Your medical professional will write down your symptoms.
Be sure to tell your doctor all of your symptoms. You should immediately request these medical records and bills. Then send them to the liability claims adjuster.
You want the adjuster to set the reserve properly and quickly. This may result in a quicker settlement.
Getting Medical Attention
Medical records are the heart of a personal injury case. If you think you have a nose fracture, go the doctor.
Without medical treatment, do not expect much (if anything) for your injury.
$78K Settlement for Nose Fracture from Fall at Condo (Miami-Dade)
A Colombian lady was visiting her condominium that she owned in Sunny Isles. Sunny Isles is in Miami-Dade, County, Florida.
While heading to the parking garage, she exited a door. This was her first time exiting through this door.
Below is a photo of the door that she exited through.
The door had a big step down with no warning sign.
She misstepped and fell down the stairs. She went to the hospital where she was diagnosed with a nose fracture.
After reading excellent things about my law firm online, she hired me as her injury lawyer.
I made a claim with the condominium association, who notified its insurance company.
Why was the condominium association (or its property management company) liable?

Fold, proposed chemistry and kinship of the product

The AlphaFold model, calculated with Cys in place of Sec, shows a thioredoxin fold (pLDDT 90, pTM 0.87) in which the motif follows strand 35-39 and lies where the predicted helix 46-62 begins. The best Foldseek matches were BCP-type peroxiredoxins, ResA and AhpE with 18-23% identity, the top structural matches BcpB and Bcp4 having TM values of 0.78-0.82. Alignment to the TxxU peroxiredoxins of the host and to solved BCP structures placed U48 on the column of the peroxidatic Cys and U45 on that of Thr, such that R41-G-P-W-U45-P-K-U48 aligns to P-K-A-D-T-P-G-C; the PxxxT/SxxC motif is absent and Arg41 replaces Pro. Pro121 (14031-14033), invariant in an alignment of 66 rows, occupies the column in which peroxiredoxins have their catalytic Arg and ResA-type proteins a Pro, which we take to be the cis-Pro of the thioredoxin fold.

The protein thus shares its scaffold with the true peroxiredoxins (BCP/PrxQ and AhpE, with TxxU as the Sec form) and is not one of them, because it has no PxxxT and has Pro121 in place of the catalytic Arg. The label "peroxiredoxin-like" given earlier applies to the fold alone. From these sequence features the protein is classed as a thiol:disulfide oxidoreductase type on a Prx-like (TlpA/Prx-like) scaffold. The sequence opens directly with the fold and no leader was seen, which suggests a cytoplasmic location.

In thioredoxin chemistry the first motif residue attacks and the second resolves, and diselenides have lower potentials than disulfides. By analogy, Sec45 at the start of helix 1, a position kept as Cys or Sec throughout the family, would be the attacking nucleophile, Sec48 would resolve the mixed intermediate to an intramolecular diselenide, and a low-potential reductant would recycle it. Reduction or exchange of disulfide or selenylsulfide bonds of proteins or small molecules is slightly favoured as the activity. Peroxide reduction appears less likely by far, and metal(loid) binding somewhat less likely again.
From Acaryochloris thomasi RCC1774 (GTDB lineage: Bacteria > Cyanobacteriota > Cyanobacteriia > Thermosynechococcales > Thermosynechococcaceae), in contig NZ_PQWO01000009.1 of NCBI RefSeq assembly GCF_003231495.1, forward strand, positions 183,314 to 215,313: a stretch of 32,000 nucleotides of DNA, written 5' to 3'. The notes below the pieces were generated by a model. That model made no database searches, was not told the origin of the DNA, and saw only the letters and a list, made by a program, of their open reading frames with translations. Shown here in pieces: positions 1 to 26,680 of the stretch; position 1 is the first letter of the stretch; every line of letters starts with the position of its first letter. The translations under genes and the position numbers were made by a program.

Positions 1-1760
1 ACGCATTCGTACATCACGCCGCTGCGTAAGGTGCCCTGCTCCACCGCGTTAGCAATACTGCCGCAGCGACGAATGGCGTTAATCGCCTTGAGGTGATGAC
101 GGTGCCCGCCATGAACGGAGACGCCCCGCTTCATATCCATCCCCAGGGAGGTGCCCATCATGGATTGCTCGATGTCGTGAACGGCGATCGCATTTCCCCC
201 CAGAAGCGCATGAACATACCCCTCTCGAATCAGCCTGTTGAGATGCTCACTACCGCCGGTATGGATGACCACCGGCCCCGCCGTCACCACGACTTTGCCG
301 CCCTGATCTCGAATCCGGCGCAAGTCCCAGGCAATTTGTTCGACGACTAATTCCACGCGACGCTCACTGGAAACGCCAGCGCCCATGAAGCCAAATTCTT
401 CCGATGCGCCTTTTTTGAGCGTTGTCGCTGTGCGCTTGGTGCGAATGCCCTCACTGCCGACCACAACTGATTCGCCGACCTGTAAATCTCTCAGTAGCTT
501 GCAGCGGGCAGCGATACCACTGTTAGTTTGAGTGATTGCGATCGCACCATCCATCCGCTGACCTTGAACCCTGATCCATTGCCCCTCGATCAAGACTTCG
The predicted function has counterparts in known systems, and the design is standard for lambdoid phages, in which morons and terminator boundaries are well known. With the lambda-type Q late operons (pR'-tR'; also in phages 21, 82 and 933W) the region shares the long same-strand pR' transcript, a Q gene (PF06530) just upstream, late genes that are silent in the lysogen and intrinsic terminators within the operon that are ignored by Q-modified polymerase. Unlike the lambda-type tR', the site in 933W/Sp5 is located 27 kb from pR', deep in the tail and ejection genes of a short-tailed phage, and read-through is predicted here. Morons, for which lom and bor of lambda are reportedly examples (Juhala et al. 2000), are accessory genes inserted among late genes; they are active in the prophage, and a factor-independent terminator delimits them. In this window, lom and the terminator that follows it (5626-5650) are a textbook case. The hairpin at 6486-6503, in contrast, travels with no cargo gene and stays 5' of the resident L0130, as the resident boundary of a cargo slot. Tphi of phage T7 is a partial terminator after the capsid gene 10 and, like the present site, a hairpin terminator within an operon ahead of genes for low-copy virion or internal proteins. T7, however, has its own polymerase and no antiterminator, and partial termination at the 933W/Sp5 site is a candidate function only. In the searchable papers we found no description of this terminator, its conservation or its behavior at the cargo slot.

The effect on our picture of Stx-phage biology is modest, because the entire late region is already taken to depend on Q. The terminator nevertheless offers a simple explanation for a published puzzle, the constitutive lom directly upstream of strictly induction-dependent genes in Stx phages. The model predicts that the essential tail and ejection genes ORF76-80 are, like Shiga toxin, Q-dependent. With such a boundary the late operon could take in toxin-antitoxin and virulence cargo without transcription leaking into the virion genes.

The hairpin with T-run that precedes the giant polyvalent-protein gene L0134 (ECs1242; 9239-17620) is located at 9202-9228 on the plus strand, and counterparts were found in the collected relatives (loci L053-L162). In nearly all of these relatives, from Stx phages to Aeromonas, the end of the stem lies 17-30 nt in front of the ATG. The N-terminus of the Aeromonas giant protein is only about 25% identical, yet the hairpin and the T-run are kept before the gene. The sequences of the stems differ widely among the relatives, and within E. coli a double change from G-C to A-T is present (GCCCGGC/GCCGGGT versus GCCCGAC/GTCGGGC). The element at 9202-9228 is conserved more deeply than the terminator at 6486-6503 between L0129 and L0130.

Because in Florida, a condominium, apartment building and property manager has two duties that it owes to invitees:
1. To use reasonable care in keeping and maintaining the premises in a reasonably safe condition; and
2. To give the invitee warning of concealed perils which are known or should be known to the landowner, and which are unknown to the invite and cannot be discovered by him through the exercise of due care. Friedrich v. Fetterman and Associates, P.A., 137 So. 3d 362 (Fla. 2013).
I argued to the insurance adjuster that the condominium association breached its duty to warn by not having a warning sign on the door. My client did not know that there would be a step down upon her exit.
Scottsdale has an excellent reputation for fairly paying Florida injury claims.
The injured woman ended up having nose surgery in her home country. I paid an US translator to translate her Spanish surgery records to English.
After a tough negotiation, Scottsdale paid us $73,000 to settle her personal injury claim.
Scottsdale also paid its $5,000 Medical payments (Medpay) coverage limits. Since I did not file a lawsuit, I did not charge a fee on this $5,000 in medpay coverage.
Some Florida attorneys charge a fee Medpay, even when they do not sue. However, it is not ethical for a lawyer to charge a fee on Medpay benefits in a Florida case if a lawsuit was not required.
I do not charge a fee on Medpay benefits if I don’t have to sue to get it. In this case, this put an additional $5,000 in my client’s pocket.
My client had travel insurance through Assistcard. Assistcard wouldn’t pay the hospital.
Thus, we filed a consumer complaint with Florida’s Department of Insurance in order to get Assistcard to pay $2,500 to Mount Sinai Hospital.
Assistcard did not ask to be paid back from her personal injury settlement.
GEICO Pays $10,000 to Driver for Nose Injury from Rear End Crash
See a case where GEICO paid a driver $10,000 for her nose injury after a careless driver rear ended her on the Palmetto Expressway in Miami.
Did someone’s carelessness cause your injury in an accident in Florida, or on a cruise or boat?